“Thou shalt not expect gratitude.”
This Sunday’s Gospel is yet another lesson on what it means to be a disciple, a lesson that some might find difficult to understand and, indeed, follow. A true follower, we can surmise from Jesus’ analogy when his disciples asked for more faith, is a servant who does what he is told while expecting nothing in return. This may sound harsh but it puts us in our place so that we turn our attention away from our own wants, desires and requests.
The true call of discipleship is serving the master rather than oneself, and to have no expectations at all. This is challenging, for how many of us would perform an act of service for someone and then not expect even a thank you? Weren’t we always told as children that it is polite to say “thank you” when someone does us a good turn?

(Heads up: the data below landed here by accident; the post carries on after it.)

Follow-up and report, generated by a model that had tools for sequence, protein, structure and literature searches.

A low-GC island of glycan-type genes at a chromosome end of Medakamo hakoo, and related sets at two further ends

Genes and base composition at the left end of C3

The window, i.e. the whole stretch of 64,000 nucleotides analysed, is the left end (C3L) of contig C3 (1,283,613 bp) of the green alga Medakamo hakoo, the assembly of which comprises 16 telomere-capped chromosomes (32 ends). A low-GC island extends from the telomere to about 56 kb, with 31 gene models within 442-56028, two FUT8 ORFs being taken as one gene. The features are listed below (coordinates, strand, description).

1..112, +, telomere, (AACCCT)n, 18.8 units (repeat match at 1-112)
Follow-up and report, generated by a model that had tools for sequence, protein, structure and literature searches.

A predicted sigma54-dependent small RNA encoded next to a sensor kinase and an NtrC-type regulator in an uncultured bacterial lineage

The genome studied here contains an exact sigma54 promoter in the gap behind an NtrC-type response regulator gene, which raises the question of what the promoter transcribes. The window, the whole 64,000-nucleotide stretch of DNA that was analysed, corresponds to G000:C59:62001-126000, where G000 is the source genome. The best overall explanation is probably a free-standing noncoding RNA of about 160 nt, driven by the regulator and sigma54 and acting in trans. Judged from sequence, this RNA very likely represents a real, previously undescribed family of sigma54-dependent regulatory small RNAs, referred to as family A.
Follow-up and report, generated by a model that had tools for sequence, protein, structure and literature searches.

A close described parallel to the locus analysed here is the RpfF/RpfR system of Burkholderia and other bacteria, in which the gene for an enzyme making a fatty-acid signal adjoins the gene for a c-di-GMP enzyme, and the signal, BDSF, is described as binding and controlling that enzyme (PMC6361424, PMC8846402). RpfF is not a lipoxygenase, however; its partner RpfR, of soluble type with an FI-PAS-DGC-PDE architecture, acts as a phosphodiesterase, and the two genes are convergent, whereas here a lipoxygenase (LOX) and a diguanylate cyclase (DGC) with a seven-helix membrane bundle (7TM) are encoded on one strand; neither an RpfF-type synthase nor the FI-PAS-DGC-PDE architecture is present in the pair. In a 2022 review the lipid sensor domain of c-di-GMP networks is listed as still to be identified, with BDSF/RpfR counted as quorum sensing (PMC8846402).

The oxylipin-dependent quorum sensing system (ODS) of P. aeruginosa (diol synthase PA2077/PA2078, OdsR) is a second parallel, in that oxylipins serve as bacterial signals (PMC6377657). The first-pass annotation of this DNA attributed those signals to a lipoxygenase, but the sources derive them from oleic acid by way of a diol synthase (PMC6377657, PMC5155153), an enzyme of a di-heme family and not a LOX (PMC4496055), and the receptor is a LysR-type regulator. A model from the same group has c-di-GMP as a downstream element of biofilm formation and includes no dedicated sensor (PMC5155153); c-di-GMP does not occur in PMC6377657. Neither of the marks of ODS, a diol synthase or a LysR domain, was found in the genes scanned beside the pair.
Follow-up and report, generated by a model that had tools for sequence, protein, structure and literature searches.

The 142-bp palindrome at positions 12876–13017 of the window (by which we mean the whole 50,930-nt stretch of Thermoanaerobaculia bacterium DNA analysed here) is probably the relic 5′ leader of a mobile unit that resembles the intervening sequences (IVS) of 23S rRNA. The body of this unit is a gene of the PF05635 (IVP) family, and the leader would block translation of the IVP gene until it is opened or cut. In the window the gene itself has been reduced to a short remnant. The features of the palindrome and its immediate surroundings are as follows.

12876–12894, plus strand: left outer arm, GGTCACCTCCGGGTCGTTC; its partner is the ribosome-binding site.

But disciples are called followers for a reason. Following the Father’s will is precisely the role of the disciple. As Christians, it is our task to discern God’s will in our lives and then carry it out, even when we do not fully comprehend it. Our own needs and wants become secondary. This, ultimately, is faith. We have faith in the direction that God gives us wherever it takes us, and whatever it may cost us.
There may be times when the flame of our faith is threatening to go out, such as when we are tired, grieving, or confused, but let us then think of God blowing on the coals to bring the flame back to life again. Truly, the fanning of flames is also the role of the disciple, for we are called to be flames of God’s love to bring light and warmth to the world.